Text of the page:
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The 'Mother Teresa of Honduras' View Comments
By Kathy Martin O'Neil

ON THE DAY Franciscan Sister Maria Rosa Leggol got her latest sign from God in 2010, it rained gatos and perros (cats and dogs) — a rare blessing in Honduras’ dry season. Cloud strands wound like headscarves around the mountain pines, and deep puddles pocked the dirt road to the Flor Azul Farm School for Boys, making Sister Maria Rosa and her driver late for the cross-raising. It was no matter at the time: As a School Sister of St. Francis for more than 60 years, she was adept at humility and didn’t expect that something extraordinary was about to happen.

The plan was simply to bless and then mount a homemade cross halfway up the mountain above the farm, one of three sites where her organization, Sociedad Amigos de los Niños (Society of Friends of the Children, or SAN), provides homes, safety, education and job training to impoverished children in Honduras. But the rest of us — U.S. volunteers on an annual mission trip to work and play with the 200-plus kids in SAN’s care — were antsy for her arrival.

Wondrous, fortuitous events follow Sister Maria Rosa around; her life history is chock-full of unexplained phenomena and seemingly divine interventions, like a chapter from Lives of the Saints. She is revered in Honduras as much for her holiness as for her legacy of raising 42,000 Honduran children up from poverty and abuse. Even the Honduran businessman sitting next to me on the plane knew her name and her work: “She is very close with God,” he whispered.

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Kathy Martin O’Neil is a freelance writer and editor. She is the former managing editor of Outside Magazine and has written features for Men’s Journal, Travel & Leisure, Chicago magazine and others. She’s currently writing Sister Maria Rosa’s biography.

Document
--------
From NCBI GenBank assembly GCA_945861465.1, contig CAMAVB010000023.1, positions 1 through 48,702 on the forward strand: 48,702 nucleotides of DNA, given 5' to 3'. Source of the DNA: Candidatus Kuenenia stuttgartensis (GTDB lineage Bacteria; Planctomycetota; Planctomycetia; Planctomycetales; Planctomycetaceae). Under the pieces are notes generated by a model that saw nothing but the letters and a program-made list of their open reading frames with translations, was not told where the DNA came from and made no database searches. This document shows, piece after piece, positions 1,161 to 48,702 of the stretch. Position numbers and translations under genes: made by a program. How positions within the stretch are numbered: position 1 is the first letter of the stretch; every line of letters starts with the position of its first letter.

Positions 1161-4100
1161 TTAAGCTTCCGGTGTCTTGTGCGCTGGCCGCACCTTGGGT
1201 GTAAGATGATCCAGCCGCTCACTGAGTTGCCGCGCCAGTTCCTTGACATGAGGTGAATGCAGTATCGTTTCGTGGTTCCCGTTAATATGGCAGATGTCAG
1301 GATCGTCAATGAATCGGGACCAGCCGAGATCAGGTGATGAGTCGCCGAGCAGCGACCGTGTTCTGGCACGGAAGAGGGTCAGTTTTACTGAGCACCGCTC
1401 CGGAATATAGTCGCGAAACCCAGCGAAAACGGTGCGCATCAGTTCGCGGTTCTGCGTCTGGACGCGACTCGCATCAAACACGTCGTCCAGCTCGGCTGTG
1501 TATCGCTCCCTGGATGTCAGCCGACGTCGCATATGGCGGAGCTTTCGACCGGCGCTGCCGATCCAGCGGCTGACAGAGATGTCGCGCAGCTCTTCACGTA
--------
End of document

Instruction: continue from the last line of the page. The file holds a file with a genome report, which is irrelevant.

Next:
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Bernadette Soubirous: Bernadette Soubirous was born in 1844, the first child of an extremely poor miller in the town of Lourdes in southern France. The family was living in the basement of a dilapidated building when on February 11,1858, the Blessed Virgin Mary appeared to Bernadette in a cave above the banks of the Gave River near Lourdes. Bernadette, 14 years old, was known as a virtuous girl though a dull student who had not even made her first Holy Communion. In poor health, she had suffered from asthma from an early age. 
<p>There were 18 appearances in all, the final one occurring on the feast of Our Lady of Mt. Carmel, July 16. Although Bernadette's initial reports provoked skepticism, her daily visions of "the Lady" brought great crowds of the curious. The Lady, Bernadette explained, had instructed her to have a chapel built on the spot of the visions. There the people were to come to wash in and drink of the water of the spring that had welled up from the very spot where Bernadette had been instructed to dig. </p><p>According to Bernadette, the Lady of her visions was a girl of 16 or 17 who wore a white robe with a blue sash. Yellow roses covered her feet, a large rosary was on her right arm. In the vision on March 25 she told Bernadette, "I am the Immaculate Conception." It was only when the words were explained to her that Bernadette came to realize who the Lady was. </p><p>Few visions have ever undergone the scrutiny that these appearances of the Immaculate Virgin were subject to. Lourdes became one of the most popular Marian shrines in the world, attracting millions of visitors. Miracles were reported at the shrine and in the waters of the spring. After thorough investigation Church authorities confirmed the authenticity of the apparitions in 1862. </p><p>During her life Bernadette suffered much. She was hounded by the public as well as by civic officials until at last she was protected in a convent of nuns. Five years later she petitioned to enter the Sisters of Notre Dame. After a period of illness she was able to make the journey from Lourdes and enter the novitiate. But within four months of her arrival she was given the last rites of the Church and allowed to profess her vows. She recovered enough to become infirmarian and then sacristan, but chronic health problems persisted. She died on April 16, 1879, at the age of 35. </p><p>She was canonized in 1933.</p> American Catholic Blog In humility, a woman ultimately forgets 
herself; forgets both her shortcomings and accomplishments equally and 
strives to remain empty of self to make room for Jesus, just as Mary 
did.

 
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